a. mile wide and seven miles long. 11
Oooes It was two miles wide and 11
raUes long. OCrn, cotton and othe
rrops in tne pa.th of the storm wer
ttilly dcestroae
A SPICY TIME
At the Charleston and Colleton
Campaign Meetings.
LYON AND RAGSDA
Both Offer to Withdraw and Leave the
Field to Gen. Youmans. Ragsdale
Charges Lyon With Running Be
cause Gen. Yonmans Could
Not Attend Meetings.
Eighteen candidates told the
stories of their lives and their hopes
in Hibernian hall at Cuarleston on
Wednesday night. The crowd varied
from about 300 males at the opening
Lo half tnat many towards the close
of tne meeting.
Conspicuous in a front seat was
Vincent Chicco, kn.own as the un
crdwned blind tiger king of Charles
ton, who interrupted several of the
speakers with questions relative to
the dispsnsary. Io was a swelteripg
night, but COicco gave away fans ou
w*hich were printed the pictures of
timself and Tillman, labeled "Chicco
and Tillman, the two determined."
Tne campaigners were given a royal
Dime during the day by cfficial
Charleston, led by Cnairman Daniel
L. Sinkler, and what they wanted
they did not have to ask for-it was
all there.
Much Interest was added to the
meeting by the arrival of Senator
Ragsdale, candidate for the office of
attorney general, who was not present
at the opening of the campaIgn at St
George Tuesday, as it has been ex
pected that he would vigorousli op
pose Mr. Lyon's views on the so-calh
ed "burning Issue." Tne result of
their first encounter is stated below
Each had only five minutes in which
to present his side, which accounts
for the lack of more detail.
Mr. J. Willard Rsgsdale, of Flor
nee, made is first speech as a ca r
didate for tile office of .ttorney gten
eral. He opened by remarking that
when be determined to make the race
ne had done so under the belief that
the office belonged to no man, that
no one was entitled to claim it to the
exclusion of others who sought it.
He was accordingly surprised to note
in the Charleston Post that Mr. Lion
deserved tne offce.
As for himself he would say that
he dia not ask for the cffia except iL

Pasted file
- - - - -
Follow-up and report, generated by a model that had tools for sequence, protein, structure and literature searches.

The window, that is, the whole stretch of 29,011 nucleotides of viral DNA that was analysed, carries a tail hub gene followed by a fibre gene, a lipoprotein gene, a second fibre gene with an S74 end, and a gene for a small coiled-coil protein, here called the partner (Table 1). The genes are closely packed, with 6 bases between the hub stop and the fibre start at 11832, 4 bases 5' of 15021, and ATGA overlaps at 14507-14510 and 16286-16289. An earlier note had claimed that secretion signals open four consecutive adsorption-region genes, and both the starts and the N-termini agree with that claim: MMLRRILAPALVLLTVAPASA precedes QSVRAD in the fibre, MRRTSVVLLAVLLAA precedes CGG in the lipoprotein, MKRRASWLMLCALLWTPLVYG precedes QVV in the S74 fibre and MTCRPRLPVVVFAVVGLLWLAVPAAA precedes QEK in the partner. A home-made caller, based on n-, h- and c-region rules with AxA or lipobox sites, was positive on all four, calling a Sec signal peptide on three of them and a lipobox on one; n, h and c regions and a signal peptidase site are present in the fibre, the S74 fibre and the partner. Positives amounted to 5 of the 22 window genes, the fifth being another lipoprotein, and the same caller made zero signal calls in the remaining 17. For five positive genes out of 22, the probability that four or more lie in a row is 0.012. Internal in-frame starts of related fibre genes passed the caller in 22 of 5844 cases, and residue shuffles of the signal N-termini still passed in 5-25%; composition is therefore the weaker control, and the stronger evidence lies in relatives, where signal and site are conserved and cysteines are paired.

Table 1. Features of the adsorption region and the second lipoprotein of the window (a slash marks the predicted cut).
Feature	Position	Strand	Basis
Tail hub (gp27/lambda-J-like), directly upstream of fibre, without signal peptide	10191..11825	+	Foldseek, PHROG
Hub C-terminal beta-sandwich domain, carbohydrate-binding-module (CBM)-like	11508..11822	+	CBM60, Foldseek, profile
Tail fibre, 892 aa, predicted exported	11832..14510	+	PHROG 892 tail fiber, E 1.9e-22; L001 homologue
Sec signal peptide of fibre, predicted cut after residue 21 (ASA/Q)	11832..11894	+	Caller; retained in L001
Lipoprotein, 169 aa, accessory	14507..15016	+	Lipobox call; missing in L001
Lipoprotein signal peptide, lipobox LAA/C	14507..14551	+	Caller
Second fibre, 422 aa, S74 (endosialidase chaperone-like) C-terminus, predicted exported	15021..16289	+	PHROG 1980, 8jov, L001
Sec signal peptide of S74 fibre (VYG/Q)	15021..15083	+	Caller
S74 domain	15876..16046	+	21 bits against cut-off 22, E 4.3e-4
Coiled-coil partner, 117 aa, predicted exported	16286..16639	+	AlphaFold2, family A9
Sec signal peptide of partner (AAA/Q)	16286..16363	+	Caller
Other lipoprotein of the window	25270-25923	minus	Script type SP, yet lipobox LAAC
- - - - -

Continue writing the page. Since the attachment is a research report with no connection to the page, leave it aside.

so far as the people might elect to
give it to him after weigning him L
&he balances. But, said he, if it
must be said that any one deserve
-Le ctfe, I teli you to look at the dis
t aguined se.victs renoered co Sout.
.arolna by Li Ry Yoamaas, anc.
*v-rry patriian ma feel na6 if th.
,..c- oelongs LO any one of us it r,
wuugs to Youmnans. (Applause.)
B..t I Lage 15 that 16 is due to n..
one. Tne tfficie of attorney genert.
is not a poutical tne Wnether 0r
..o0 a candidate stands for tue dis
gensary shnouzd not cetermine the
question. The cffie requires certax.
uties un-elect him antornzey generatk
ae teils you he wid prosecute the~
grafters if you elect him attorney
general he reL~s you no more that.
what he is in duty b.und to do. 1
stand here as one wno cesd1 oe right
ram tne supreme court of Sau~L.
Carliina, as a youog lawyer, and
pidge myself tO prosecute any viola
or of law who comes under my pur
view.
I ask for no sentiment~ in this race.
All I nave a right t>. expect from youz
is a fair cieai, and a fair dealis to take
ino consideration the integrity of
thecandcates and their ability. In
te past you have endorsed me and I
nave tried to merit that endorsemet.~
I am a staunca1 supporter of the
dispensary, b&cause I celleve It Is the
oest solution. I ai uncomprt.m.s
ingly opposed to graf ters. Whatover
are my views as I. tue dispensary, no
a;t of mine will ever be done tnat wili
sek to protect a man who robs the
seare and appeals to me as a support
er of the aispensary under the DelleI
that I would neip him.
I stand for the 1,utfication of the
disez.sary and for pure elections. I
nave favored1 the 1in.ugationl of the
dispensary and 1 hold that it was the
commitee's duty to complete its
work and report It to the legislature
tat appointed It. It is now too
eary to jaidge Its work, and simpi.)
because my opponent has been pro
mnent in the investigation as a mom
oer of that committee is no reason
why ycu should vote for him. The
sale qualification for you to apply is
als gezneral fitness.
Cnrairman Sinkler read a letter from
Attorney General Youmans announc
ig his caudicacy, in w: lch he toic
now his duties interferred with his
participation In the campaign at pres
ent, believing that he ought to attend
o them rather than look after his
own Interest In canvassing for votes.
Mr. J. Fraser Lyon, the other can
didate for attorney general, followed.
He said he would make a serious prop
osition to his friend, Mr. Ragsdale.
w n entered Sne race against Gene
ral YoumaLns because I did so I will
make him an of .r. I do not care to
trench upon the privilege of this old
soldier wno stood with Hattpton In
those dark days of South Carolina's
roubles. I make the propositioni to
im that, if he thinks it Is improper
for us to enter this campaign ayainst
General Youmans, we now grace
fuily withdraw.
Tnere was quite a buzz of interests
at this. Mr. L., on looked around to
wards Mr. Ragsdale, who rapidly came
o the front and asked the chairmnan
If be could first ask Mr. Lyon a ques
ion and then reply. Cioaarman Sink
er said that It would be taken out o:
Mr. Lyon's five minutes if he did so,
and 1t was agreed that Mr. Lyor
should proceed with his speech.
S.eu ne, just as our fathers yearl
'ago proclaimed and obtained for uf
tax rignet of local self-goverhment,]
n#w ccme to lAt my volo.s for tha
d art right. 1 co not tit a the dii
pemary has acrdred yon that rghr.